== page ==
- Written by Roseanne Staab Roseanne Staab
- Created: 25 September 2017 25 September 2017
...and on the eighth day God created the horse in perfect image, to romp, graze, gallop, play, and make manure wherever it darn well pleases, in divine grace.
This week we will take a light look at the science of Agronomy.
Agronomy as a noun is the science of crop production and soil management. It the technology of using and producing plants for fuel, food, and land reclamation. (1)
It encompasses the areas of ecology, meteorology, soil science, economics, and plant physiology,
and is combined with other sciences such as genetics, biology, and earth science. (2)
One who practices Agronomy is known as an Agronomist.
An Agronomist is an agricultural scientist, a crop scientist, and this person must be competent in technological knowledge and be able to perform analysis on a variety of things.
Modern Agronomists tackle many serious issues, such as managing environmental impacts that agriculture has on farms, extracting energy sources from plants, and producing food for growing populations on the planet.
They specialize in plant physiology, soil fertility, drainage and irrigation, crop rotation, plant development and breeding, insect pest control and weed control. (3)
Agronomists use biotechnology to expedite development of desired plant qualities. While biotechnology is done in a laboratory, new crop varieties are tested out in the field, literally.
Crop yield increase is always a desired goal, but “Agronomic Biotechnology” is being used in methods other than food crop production. (4)
For example, “oilseed” crops derived from plants such as soybeans, safflower, or coconut, are used for cooking food oils or margarine.
However, these same crops are being modified to produce fatty acids, to be used for substitute petrochemicals and fuels, and also in detergents. (5)
Agronomists study and procure long-range ways to help make soils more sustainable, profitable, and productive.
Analyzing and classifying soils helps to determine whether they contain enough nutrients to support plant growth.
The nutrients include sulfur, phosphorus, calcium and magnesium, potassium, and nitrogen, and these are gathered and analyzed.
Less common micro-nutrients such as boron or zinc are also researched, along with soil pH, organics present, and the capacity of the soil to hold nutrients. (6)
In soil conservation, Agronomists research methodology on the effects of erosion by wind and water.
They test these methods in an effort to decrease soil erosion.
Contour Plowing, invented in the 1930's, is an excellent example of agronomy in action.
The “New Deal” was a set of federal programs launched by Franklin Delano Roosevelt, in an effort to off-set the destruction to the economy caused by the Great Depression, in the US.
FDR took office in 1933 and the New Deal lasted until the US entered WWII, in 1942.
Contour plowing conserves rain water and prevents soil erosion on steep slopes or gentle hills on farm land. (7)
Engineers do surveys to see the rise and fall of the landscape, and the farmer will plow along the sides of the slopes, in lengthy, curving contours that follow these shapes.
The planting of soil-binding grasses along field contours on steep slopes is another technique used for erosion control.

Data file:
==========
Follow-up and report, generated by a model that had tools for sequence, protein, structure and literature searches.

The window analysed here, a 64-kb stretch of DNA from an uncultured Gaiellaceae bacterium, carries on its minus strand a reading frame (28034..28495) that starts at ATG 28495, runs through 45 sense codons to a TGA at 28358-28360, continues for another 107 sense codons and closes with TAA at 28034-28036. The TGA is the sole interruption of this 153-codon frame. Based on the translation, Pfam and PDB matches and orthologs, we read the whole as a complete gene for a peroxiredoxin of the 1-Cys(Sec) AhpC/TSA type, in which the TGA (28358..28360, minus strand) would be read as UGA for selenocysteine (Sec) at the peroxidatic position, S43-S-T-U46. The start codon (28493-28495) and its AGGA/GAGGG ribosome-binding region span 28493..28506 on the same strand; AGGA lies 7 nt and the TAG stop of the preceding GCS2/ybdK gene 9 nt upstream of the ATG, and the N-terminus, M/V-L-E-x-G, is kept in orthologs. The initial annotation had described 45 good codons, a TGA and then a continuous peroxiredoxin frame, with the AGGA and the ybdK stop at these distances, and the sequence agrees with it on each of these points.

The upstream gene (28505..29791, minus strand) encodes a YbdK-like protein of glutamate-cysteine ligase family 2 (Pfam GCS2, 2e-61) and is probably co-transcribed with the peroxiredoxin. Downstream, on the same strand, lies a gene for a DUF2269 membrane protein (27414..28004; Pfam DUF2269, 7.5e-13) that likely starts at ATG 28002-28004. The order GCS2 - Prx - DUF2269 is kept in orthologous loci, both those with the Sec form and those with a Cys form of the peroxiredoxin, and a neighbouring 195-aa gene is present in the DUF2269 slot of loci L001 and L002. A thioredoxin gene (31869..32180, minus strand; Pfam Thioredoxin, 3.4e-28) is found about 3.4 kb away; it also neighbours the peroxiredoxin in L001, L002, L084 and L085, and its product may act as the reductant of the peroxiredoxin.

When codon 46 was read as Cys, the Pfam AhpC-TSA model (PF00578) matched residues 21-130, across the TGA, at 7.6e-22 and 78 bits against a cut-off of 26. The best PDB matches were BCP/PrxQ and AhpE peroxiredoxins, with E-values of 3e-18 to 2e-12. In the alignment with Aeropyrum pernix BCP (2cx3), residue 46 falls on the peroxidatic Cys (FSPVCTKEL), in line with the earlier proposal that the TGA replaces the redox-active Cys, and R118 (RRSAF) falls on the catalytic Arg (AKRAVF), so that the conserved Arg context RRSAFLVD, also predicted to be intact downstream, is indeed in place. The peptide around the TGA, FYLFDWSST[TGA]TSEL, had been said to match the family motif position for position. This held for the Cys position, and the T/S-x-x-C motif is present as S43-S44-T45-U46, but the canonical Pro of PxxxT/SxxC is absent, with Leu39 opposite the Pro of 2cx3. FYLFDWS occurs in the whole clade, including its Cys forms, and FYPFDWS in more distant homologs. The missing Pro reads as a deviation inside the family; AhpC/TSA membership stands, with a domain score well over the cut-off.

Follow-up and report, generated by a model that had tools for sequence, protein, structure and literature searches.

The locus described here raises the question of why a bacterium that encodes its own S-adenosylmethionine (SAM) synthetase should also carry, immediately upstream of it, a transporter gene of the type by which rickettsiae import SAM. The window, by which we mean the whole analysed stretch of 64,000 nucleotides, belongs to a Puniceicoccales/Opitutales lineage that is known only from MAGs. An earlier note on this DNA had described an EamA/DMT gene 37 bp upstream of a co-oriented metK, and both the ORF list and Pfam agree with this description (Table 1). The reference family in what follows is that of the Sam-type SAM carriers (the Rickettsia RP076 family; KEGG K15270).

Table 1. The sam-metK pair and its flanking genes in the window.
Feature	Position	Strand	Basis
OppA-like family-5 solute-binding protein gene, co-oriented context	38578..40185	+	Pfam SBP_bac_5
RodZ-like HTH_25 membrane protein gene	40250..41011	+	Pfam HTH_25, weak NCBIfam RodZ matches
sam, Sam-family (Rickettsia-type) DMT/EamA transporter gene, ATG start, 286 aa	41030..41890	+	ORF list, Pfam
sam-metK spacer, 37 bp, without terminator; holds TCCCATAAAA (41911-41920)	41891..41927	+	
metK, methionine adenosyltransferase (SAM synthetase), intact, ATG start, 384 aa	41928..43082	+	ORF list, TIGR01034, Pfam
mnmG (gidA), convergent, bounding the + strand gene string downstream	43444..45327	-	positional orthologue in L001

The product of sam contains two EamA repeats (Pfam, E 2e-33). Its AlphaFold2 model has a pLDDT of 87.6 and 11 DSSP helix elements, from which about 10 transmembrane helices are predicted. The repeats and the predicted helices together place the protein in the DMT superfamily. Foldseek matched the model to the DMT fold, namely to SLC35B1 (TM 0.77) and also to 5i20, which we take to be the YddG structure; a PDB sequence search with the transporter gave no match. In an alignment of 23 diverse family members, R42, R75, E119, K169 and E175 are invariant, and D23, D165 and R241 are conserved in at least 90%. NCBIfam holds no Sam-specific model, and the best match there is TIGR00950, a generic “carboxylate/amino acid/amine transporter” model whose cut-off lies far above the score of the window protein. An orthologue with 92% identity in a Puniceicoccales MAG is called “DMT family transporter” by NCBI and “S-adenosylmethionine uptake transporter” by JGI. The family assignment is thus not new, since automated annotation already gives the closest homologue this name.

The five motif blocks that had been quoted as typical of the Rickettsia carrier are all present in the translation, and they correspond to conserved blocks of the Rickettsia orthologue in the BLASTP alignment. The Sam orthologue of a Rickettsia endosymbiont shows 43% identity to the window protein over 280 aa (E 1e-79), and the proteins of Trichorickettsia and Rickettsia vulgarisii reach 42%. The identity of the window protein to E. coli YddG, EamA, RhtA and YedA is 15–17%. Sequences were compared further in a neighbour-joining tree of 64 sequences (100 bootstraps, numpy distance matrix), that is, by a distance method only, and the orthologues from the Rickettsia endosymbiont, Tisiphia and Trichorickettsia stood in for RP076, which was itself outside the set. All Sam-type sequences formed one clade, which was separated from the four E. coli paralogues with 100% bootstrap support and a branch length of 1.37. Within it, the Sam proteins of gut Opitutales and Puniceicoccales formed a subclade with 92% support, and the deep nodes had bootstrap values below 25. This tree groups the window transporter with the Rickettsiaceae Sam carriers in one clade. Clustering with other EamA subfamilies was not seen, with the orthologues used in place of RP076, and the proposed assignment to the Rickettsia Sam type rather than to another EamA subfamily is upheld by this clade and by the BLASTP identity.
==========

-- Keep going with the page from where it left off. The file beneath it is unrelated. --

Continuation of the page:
Agronomists researchers also study and test ways of disposing of livestock manure, pesticide build-up in soil, and also water pollution.
Theoretical plant modeling studies the growth of crops, where the plant is looked upon as a “biological factory.” (8)
Processes that the plant undertakes, such as water absorption, light intake through photo synthesis, and nutrient and carbon dioxide absorption, are observed and calculated.
The main factors taken into consideration are the amounts of sunlight, water, and nutrient supply, temperatures, plant production distribution, and standing crop biomass. (9)
The future of food production for the masses of humanity is in the hands of the science of Agronomy.
Organizations include the American Society of Agronomy (ASA), the Crop Science Society of America (CSSA), and the Soil Science Society of America (SSSA).
Why, you yourself can be an amateur Agronomist when you plant your annual summer garden.
Have you noticed your bean plants have rust on them? Or your corn stalks are small and pinchy, the tomatoes have black spots?
When you research the causes of these plant problems, you are undertaking the science of Agronomy, by determining diseases or causes. such as fungus or nutrient deficiencies.
You can then take steps to eliminate the problems by applying fungicide, pest control, or adding nutrients, such as cow or horse manure to the soil; you are managing the production of your garden.
Agriculture is a very fascinating field of study, and agricultural labor is an excellent way to spend time.
Children who partake in Ag labor, such as cleaning stalls and barns, putting up hay, growing a vegetable garden, or having a roadside farm stand, selling sweet corn or pumpkins to make money, are the smartest, most capable children anywhere.
Joining FFA, or Future Farmers of America, is an excellent hobby and lends towards group participation efforts and Ag learning, as does joining a 4-H Club.
These kids are less likely to be cruel to animals or to mug little old ladies, and they develop strong work ethics and smart thinking.
Folks, I highly recommend all of the above, as I have done all of the above.
Why, my second-cutting hay is on the ground as I type, drying and waiting Tom Herman to come back to the field and ted it up.
The wonderful smell of freshly-mown hay is one of my favorites, and I enjoy the ag labor of putting the bales up in the barn.
It’s still summertime, the heat is on, and the sun is shining.
Leaving you to contemplate the wonders of the agricultural word, to the immortal words of Roy Rogers and Dale Evans, “Happy Trails to You.”
1-9: Internet / Wikipedia